The different types of trusts, when understood properly, trusts can assist people successfully plan finances, provide security for families, or achieve confident investing. There are a large number of different types of trusts and it is important to identify which type of trust will best suit the overall goal for having one. Here is a list of the most common types of trusts and an explanation that outlines their purpose.

Fixed Trust

Fixed trusts are the most known of all trust types as they are simple in form. Fixed trusts provide for a specific proportion of assets to be distributed to specific beneficiaries. A trustee is bound to distribute the assets as beneficiaries have an automatic entitlement of their portion and can enforce the administration of the trust. This format is useful in avoiding potential conflicts between multiple beneficiaries over their interest in the trust. Beneficiaries will also enjoy a 50% discount off their capital gains tax over any assets received from the trust.

Hybrid Trusts

A hybrid trust is a great alternative to fixed and discretionary trusts as it is a mix of the two. It allows for beneficiaries and trustees to enjoy the benefits that come with both trusts which mainly are that beneficiaries enjoy a fixed interest to assets and trustees have discretion over its distribution.

Discretionary Trusts (Family Trusts)

Discretionary trusts main disparity to fixed trusts is the fact that the beneficiaries do not possess a fixed interest over the assets in these trusts. These types of trusts give trustees the power to decide when, how much, and to whom to distribute assets. This flexibility provided to trustees goes even further in that they can remove or add a beneficiary to the trust at any time. However, with this power comes at a price as it is the trustee who is liable for any loss or debt incurred through the trust.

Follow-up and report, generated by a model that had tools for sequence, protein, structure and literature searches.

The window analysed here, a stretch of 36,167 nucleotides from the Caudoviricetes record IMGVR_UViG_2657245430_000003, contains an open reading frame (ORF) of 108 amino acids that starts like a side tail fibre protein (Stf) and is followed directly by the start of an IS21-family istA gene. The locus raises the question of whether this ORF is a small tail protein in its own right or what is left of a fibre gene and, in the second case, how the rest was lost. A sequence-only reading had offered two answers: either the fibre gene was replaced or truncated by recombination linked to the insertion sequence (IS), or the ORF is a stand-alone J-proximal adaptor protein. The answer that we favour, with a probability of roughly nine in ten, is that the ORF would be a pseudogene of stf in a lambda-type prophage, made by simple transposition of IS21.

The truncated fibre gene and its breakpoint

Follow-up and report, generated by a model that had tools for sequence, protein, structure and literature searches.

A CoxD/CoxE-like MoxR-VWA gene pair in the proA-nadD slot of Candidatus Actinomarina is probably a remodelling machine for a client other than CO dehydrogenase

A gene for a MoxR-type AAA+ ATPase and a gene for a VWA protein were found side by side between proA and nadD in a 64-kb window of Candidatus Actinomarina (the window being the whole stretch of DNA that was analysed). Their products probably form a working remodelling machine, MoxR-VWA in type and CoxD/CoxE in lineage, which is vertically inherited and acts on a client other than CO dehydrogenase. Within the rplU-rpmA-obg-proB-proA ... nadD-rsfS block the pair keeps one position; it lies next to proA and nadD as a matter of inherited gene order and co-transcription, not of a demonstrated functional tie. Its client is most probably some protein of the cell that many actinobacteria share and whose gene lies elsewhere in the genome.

Discretionary trusts also receive a 50 percent discount off the capital gains tax and allow for asset preservation as the assets in the trust are separate to the assets of the beneficiary. This means that if a creditor is collecting assets from a beneficiary to repay debt, their assets in the trust will be safe from this as the beneficiary has no entitlement over the trust.

Testamentary Trusts

Testamentary trusts hold assets that are distributed once the set who set it up (the testator) dies. This type of trust is created through a will and only operates once the death occurs. A trustee has full discretion over the assets and their distribution. A person may choose to set up a testamentary trust for several reasons such as to prevent a challenge to a will, to ensure a person’s estate it passed to the desired relatives, or to take advantage of its tax benefits.

Superannuation Trusts

Superannuation trusts are made for the purpose of providing security during retirement. All superannuation funds in Australia are superannuation trusts and will be subject to federal legislation that set standards for all superannuation trusts to satisfy. The most well-known of these legislative requirements is that access to these trusts is prohibited until the age of 65.

Charitable Trusts